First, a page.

I've been helping Frommage with some of his survey jobs. I wanted to help him get the jobs done without delays and also save him a little money in hiring people. I do the work of a chainman, but for me, I guess one could call it 'pretend chainman.' Not understanding the deeper complexities of land surveying, I just go where he tells me to and I hold the rod and prism very still. (I'm good at this, he tells me.)
These photos are from a survey we did out on Chena Hot Springs Road----it was about +25F (balmy!) and the job took us just over 2 hours....an easy survey, Frommage says.
The photo above is me in my carhart suit (recognize it, Dena?) and a beaver fur hat. In interior Alaska native culture, women should only wear rabbit or fox fur, not beaver. But hey...it's a really warm hat.....we got it at a garage sale for $20 and it's handmade.....
This is the crux, for me: I love animals. I could never kill an animal unless it was to put it out of terrible pain, or if I was starving and desperately needed to hunt to stay alive. I love this hat, but I still feel sadness and guilt when I wear it---as well as pleasure. I love Beavers in all their clever industriousness---there are many here in interior AK. I'm never able to find a balance point in how I feel about animals and how I eat them and wear them. I'm always pulled in two directions....
Here's Frommage....man of the wilderness.
And why was a desk out there in the woods? After the survey, we looked in all the drawers. I was secretly hoping for a lost letter or wads of frosty cash. Just rusty leaves were found.
This would be an excellent site for a letterbox!
Underneath the bridge that was part of the survey I found these beautiful patterns and lines where paint had flaked and chipped off. It looks like termite patterns or coral growth.
Monday, January 29, 2007
Frommage did a 10K race on Saturday---5K classic and 5K skate. He was exhausted afterwards but had a great time----it was an exciting race. A sandwich and 2 beers cured his tiredness and we went out for a 10K ski with friends that afternoon.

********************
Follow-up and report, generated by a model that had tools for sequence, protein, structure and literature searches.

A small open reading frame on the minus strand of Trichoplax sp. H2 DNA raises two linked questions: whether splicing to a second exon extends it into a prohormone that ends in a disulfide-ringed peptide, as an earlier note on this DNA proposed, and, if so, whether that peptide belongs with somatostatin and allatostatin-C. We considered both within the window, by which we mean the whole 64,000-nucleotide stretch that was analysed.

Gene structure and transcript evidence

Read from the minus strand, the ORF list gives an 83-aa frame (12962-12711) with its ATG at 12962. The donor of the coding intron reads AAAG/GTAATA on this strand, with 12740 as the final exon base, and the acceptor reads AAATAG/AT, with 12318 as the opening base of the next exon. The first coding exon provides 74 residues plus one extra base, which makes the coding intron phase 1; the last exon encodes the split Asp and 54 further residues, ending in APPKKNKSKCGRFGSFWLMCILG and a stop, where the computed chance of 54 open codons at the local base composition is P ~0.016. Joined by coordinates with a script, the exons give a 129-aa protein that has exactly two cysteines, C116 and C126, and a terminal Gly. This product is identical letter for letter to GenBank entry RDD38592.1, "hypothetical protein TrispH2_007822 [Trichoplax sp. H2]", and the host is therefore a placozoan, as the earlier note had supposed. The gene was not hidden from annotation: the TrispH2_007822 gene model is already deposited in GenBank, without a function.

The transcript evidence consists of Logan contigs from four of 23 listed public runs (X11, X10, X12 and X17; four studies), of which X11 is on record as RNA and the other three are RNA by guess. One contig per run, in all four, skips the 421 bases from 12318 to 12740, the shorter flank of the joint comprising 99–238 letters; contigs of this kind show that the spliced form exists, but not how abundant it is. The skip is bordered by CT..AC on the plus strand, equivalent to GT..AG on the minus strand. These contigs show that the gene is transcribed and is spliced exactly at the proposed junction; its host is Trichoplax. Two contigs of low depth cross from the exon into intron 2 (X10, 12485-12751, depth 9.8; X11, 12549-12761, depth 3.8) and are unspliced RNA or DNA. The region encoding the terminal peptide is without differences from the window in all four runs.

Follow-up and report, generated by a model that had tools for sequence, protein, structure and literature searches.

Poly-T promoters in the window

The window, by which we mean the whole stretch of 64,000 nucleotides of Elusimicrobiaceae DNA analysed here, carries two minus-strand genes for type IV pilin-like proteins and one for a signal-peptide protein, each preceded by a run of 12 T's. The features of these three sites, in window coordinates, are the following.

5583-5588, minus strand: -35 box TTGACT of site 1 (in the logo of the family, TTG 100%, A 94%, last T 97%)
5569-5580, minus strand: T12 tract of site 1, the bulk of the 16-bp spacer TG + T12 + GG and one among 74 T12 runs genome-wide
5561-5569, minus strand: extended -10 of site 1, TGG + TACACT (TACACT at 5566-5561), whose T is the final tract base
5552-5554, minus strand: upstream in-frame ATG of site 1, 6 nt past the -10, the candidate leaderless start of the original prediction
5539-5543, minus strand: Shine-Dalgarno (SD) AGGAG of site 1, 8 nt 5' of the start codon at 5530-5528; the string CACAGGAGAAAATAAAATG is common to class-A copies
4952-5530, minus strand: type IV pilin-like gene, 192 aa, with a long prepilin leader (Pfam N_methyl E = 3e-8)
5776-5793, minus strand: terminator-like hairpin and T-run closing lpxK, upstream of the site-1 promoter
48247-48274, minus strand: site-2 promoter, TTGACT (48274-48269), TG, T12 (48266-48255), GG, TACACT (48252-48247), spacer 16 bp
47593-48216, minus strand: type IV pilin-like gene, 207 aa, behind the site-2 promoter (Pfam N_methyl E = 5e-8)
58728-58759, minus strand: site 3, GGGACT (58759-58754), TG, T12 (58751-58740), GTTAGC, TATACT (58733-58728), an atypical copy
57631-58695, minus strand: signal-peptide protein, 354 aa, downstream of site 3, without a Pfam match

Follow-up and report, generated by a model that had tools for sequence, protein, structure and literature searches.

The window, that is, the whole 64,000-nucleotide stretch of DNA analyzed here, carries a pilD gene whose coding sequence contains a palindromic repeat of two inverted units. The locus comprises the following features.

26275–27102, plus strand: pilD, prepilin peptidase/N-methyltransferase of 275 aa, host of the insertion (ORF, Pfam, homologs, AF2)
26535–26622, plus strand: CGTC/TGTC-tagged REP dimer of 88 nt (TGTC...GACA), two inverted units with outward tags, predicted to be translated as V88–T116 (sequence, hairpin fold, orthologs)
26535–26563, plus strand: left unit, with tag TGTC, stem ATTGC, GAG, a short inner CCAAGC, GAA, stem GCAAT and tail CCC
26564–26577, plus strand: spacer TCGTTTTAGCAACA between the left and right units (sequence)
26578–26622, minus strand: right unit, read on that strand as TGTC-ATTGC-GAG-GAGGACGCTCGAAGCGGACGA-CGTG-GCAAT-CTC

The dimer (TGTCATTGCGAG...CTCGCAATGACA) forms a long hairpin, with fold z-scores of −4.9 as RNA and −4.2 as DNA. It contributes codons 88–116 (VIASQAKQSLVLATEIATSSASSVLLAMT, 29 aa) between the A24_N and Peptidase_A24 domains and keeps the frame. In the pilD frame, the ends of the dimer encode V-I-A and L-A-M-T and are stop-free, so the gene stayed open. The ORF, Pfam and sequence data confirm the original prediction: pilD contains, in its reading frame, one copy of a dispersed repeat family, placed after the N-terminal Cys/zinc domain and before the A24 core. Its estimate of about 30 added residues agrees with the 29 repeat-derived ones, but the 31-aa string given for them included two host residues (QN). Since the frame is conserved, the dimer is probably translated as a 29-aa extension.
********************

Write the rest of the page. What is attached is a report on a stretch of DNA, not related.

That evening was sushi at a friends house----they have become artists in the creation of beautiful sushi! It was the best homemade I've ever had.
And now, you must look at this flower AGAIN. Phalaenopsis 'Brother Sara Gold.' This orchid is rocking my world this week.
While watering all of the orchids (10) I found the Maxillaria tenuifolia cranking out some blossoms. This is an unusual orchid in my herd in that the blossoms emerge right alongside the pseudobulbs, rather than on a bloom spike. The indiviudal blooms smell like candied coconut. Talk about an exotic, indulgent experience in the middle of winter in Alaska.
Art? No update....still messing with the big painting. The damned thing told me to put in all sorts of other colors, and I did, with pure trust in my heart. Then I looked at what I'd done, got scared and ran. (This happens.) I need to go back into the studio and work for several hours at a time to cross the next event horizon with this painting.
Today I'm off to help Frommage with a survey job. Probably 5 hours walking, digging and standing in the snow. I like the principals of land surveying and the end result...and even the process in the field, but the math makes my mind turn to mush...so it's not the career for me.
Off to work in the snowy field....